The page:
Our lives are so hectic these days that it really is difficult to find harmonious balance in our daily living. Commitments are many and varied and it seems more often than not, work and family get more of our time than we do. With not nearly enough time in the day to get everything done, we push ourselves to do a million and one things and in the mean time, rarely spare a thought for our own needs. It’s not hard to understand why imbalances occur and the thyroid gland is a main area that is often affected. Weight gain and lethargy are common symptoms of an underactive thyroid but this can just be the tip of the iceberg.
The thyroid gland is a major endocrine gland in the body and is located in the neck, around the same area as the Adams apple. It is a major regulatory gland and is responsible for metabolism, energy and heat production and also communicates with other major hormonal systems in the body. The thyroid, reproductive and nervous systems are closely linked and it is estimated that approximately 10% of the population have a thyroid imbalance diagnosed by abnormal blood test results.
Common symptoms seen with an underactive thyroid can include:
- Stubborn weight gain
- Slow metabolic rate
- Continuous fatigue
- Muscle cramps & tremble
- Cold intolerance
- Dry skin
- Hair loss
- Mental slowness
- Menstrual irregularities
- Infertility and miscarriage
- Low blood pressure
Medical causes of hypothyroidism include surgery and radioactive iodine treatment. The lesser known contributing factors of poor thyroid function are closely related to an overstimulated immune system (Hashimoto’s thyroiditis), compromised adrenal function (which also features heavily with weight gain, insulin resistance and nutritional deficiencies) and the effects of stress within the body, called oxidative stress. This initiates the production of free radicals, which has the potential to damage thyroid tissue. As the thyroid tries to compensate for this damaged tissue, it can become inflamed and a goitre may develop. Post partum hypothyroidism is yet another contributing factor, which may be brought on by an immune disorder, traumatic birth or excessive blood loss during labour.
Nutritional deficiencies also contribute to poor thyroid function. Selenium, along with zinc, are necessary to activate thyroid hormone and also important to control oxidative stress. Due to poor farming practices, our soil has become selenium deficient, which affects the level of this mineral in our food. Iodine is the central component of thyroid hormone and a deficiency of this mineral is one of the leading causes of hypothyroidism world wide. Reasons for this are believed to be due to reduced use of iodised salt in food manufacture and from the replacement of iodine containing sanitisers for chlorine based chemicals in the dairy industry.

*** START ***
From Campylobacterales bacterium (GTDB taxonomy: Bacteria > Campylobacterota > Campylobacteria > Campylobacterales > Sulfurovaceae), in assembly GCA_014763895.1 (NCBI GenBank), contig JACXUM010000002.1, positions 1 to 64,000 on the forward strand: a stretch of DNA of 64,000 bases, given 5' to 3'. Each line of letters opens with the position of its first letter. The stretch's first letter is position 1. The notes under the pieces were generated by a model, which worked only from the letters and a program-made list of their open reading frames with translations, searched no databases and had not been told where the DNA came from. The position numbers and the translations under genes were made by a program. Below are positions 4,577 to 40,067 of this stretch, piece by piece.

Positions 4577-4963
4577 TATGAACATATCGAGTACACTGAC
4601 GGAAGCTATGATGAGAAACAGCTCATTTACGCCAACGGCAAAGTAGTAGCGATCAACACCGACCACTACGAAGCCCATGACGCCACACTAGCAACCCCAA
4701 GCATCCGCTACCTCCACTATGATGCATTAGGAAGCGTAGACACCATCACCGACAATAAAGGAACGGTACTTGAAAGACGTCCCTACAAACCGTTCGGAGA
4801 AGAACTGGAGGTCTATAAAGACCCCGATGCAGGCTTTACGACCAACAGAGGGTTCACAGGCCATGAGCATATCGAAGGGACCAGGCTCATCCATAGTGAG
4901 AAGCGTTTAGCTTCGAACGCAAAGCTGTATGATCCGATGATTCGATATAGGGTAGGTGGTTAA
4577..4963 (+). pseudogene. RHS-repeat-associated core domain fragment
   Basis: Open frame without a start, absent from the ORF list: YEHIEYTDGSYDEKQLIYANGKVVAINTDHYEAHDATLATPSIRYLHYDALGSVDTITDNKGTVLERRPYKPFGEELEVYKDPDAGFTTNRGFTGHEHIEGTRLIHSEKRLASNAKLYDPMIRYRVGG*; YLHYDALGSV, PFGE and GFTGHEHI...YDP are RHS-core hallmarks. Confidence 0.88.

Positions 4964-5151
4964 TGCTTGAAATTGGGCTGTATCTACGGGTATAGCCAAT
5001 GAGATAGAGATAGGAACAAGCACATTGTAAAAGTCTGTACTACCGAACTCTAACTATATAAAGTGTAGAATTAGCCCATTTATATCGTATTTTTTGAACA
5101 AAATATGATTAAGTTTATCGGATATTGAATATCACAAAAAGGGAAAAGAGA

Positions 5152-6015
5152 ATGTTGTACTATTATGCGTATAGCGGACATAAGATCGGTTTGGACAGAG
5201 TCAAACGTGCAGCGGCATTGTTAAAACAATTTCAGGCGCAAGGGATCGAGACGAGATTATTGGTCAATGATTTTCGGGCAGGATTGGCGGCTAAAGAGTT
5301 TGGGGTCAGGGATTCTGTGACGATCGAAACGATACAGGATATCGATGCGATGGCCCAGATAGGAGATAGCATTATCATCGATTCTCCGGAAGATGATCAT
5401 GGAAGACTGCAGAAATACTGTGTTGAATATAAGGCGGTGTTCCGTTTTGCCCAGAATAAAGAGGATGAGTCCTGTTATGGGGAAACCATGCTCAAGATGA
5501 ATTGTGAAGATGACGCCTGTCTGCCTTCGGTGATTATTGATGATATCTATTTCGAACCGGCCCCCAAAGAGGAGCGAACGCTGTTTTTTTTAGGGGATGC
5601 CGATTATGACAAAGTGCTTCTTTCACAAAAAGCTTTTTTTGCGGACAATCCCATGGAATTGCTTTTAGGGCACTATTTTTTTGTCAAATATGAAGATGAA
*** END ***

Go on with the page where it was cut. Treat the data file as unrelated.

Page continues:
So what can be done to treat an underactive thyroid? A blood test for thyroid function may be necessary to identify the level of imbalance of TSH, T3 and T4 and if autoimmunity is present. This will show up as a positive thyroid antibody reading. Thyroid hormone replacement is a common first line of defence but often exacerbates stubborn weight gain regardless of the amount of exercise undertaken or how healthy one’s diet is. Weight will often increase from eating less and doing more! Even if your levels come back “within normal range” your thyroid may still need support.
Naturally, other factors to consider are:
- Stress reduction: hit the gym, try some deep breathing exercises or join a yoga class. Not only will this support your thyroid, it will also help with weight loss, oxygenation and elimination of toxins
- Reduce oxidative damage: stop smoking, moderate your alcohol intake, eliminate trans and saturated fats from your diet, include moderate exercise
- Herbal treatment: herbs such as Withania, Bladderwrack, Bacopa and Coleus can all be effective in supporting thyroid function
- Avoid yo-yo dieting: this will further slow your metabolism contributing to weight gain. Make sure you eat small but regular meals throughout the day, concentrating on good sources of protein
- Limit goitrogens: these are foods that can interfere with thyroid hormone production and include broccoli, cauliflower, spinach, cabbage, brussel sprouts and soy products. Limit but DON’T eliminate
- Antioxidants: include goji berries, dark skinned berries, fresh fruit and vegetables
Warming herbs: such as ginger and chilli help the body burn energy for heat production and increases the metabolic rate. Add these to your cooking or grate fresh ginger and drink as a tea
- Selenium: found in foods such as brazil nuts, vegetables, wholegrains, meat and seafood. Selenium is toxic in high doses so if using a supplement, do not exceed a daily dose above 100mcg
- Iodine: good sources include sea salt and seaweed
With thyroid function having a strong link in many areas of general health and well-being, it is important that this area that receives sufficient support and nourishment.
Emma Scasni is a qualified naturopath at MassAttack Health Clinic and has a keen interest in women’s health. Emma is passionate about all aspects of natural health and is happy to offer support and advice to new and existing MassAttack members. MassAttack specializes in natural treatment programs for women with hormonal imbalances such as PCOS, Fibroids, Endometriosis & thyroid imbalance. Narelle Stegehuis, CEO of MassAttack, is the recipient of the Australian Naturopathic Excellence Award 2006 and can be contacted at email@example.com
 Thyroid Disorders & Infertility Seminar notes, Metagenics 2008, pg 4
 Thyroid Disorders & Infertility Seminar notes, Metagenics 2008, pg 5
 Thyroid Disorders & Infertility Seminar notes, Metagenics 2008, pg 6